Spray the ever-loving bejeebus out of your pants, saturating your knees with disinfectant spray. DO NOT use bleach-based spray. The milder the better. (see “Clean EMS” for advice on contact times)
Press another towel on the outside of your pants, soaking up as much poo/pee laced disinfectant into the towels as you can. Rub them together a bit.
Re spray with disinfectant and let it air dry.
Remove the towels from your pants.
Call your wife and beg her to drive you up a new pair. Beg. Hard.
Just for the record, my lovely wife was unable to drive me up some new pants. Awesome…..
A letter I received from a reader who states that she is a paramedic student has gotten me thinking. I’m going to include her letter in this post with her permission, but before I do I would like to speak a little bit about things that we say to patients. EMS and all of emergency medicine tends to be full of emotionally charged situations being handled by emotionally drained people. Sometimes our experience in dealing with situations that lay people find to be traumatic can lend itself to our making comments that we find perfectly acceptable to make at the time we make them, and yet upon reflection seem like the wrong thing to have said. I can’t tell you just how many times I’ve been in trouble for my mouth. I will say something that I intend to relieve the tension of a situation and to provide comic relief that I think is cute and funny, completely thinking that it is above-board and not-offensive to anyone, and then find out that some wet-blanket took offense.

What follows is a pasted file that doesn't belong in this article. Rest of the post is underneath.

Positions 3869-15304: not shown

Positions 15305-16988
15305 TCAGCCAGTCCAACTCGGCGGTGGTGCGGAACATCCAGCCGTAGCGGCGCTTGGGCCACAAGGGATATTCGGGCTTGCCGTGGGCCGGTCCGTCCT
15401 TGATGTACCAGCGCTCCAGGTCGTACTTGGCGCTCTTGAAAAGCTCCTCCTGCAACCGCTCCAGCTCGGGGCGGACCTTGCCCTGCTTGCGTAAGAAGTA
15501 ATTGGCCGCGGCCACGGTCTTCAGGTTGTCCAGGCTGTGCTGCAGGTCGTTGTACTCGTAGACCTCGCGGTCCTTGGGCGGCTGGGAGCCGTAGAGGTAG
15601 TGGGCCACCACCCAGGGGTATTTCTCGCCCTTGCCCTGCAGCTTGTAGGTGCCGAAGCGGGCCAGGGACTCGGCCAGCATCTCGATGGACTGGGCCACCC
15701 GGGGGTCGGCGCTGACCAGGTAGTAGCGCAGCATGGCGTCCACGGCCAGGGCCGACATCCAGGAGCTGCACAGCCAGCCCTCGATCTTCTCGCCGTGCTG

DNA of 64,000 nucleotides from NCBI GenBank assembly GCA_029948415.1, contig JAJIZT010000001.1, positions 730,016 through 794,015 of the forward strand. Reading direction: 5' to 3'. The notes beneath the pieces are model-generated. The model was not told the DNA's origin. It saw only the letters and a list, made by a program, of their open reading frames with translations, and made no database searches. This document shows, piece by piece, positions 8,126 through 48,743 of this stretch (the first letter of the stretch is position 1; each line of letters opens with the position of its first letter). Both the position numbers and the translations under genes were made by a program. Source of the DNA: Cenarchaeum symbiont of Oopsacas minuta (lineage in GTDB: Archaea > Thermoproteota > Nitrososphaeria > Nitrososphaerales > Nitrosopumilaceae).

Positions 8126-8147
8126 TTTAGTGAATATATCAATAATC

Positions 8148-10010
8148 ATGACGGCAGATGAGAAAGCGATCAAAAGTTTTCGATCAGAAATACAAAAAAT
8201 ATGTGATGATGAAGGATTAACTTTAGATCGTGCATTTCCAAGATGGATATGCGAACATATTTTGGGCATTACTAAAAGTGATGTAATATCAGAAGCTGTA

Honestly, I make it my policy never to make a dirty joke. All of my “patient friendly jokes” are clean enough to tell to my five-year-old with nary an off-color word or adult reference in sight and sometimes still people look at me like I’ve dropped a live weasel in the ball-pit at the McDonald’s Play Land. Like some random time ago where a patient who had overdosed, scratched her wrists with a dull knife, and was found trying to hang herself apologized to me during my assessment of her because she hadn’t shaved her legs. I said “Oh that’s quite alright, Ma’am.. You weren’t planning on needing them anymore and besides, you shaved your wrists real nice”. I believe the question I got from my partner after the call was “Does your Brain-Mouth filter even work anymore?!” He was laughing as he said it, so obviously it was funny. The patient laughed too.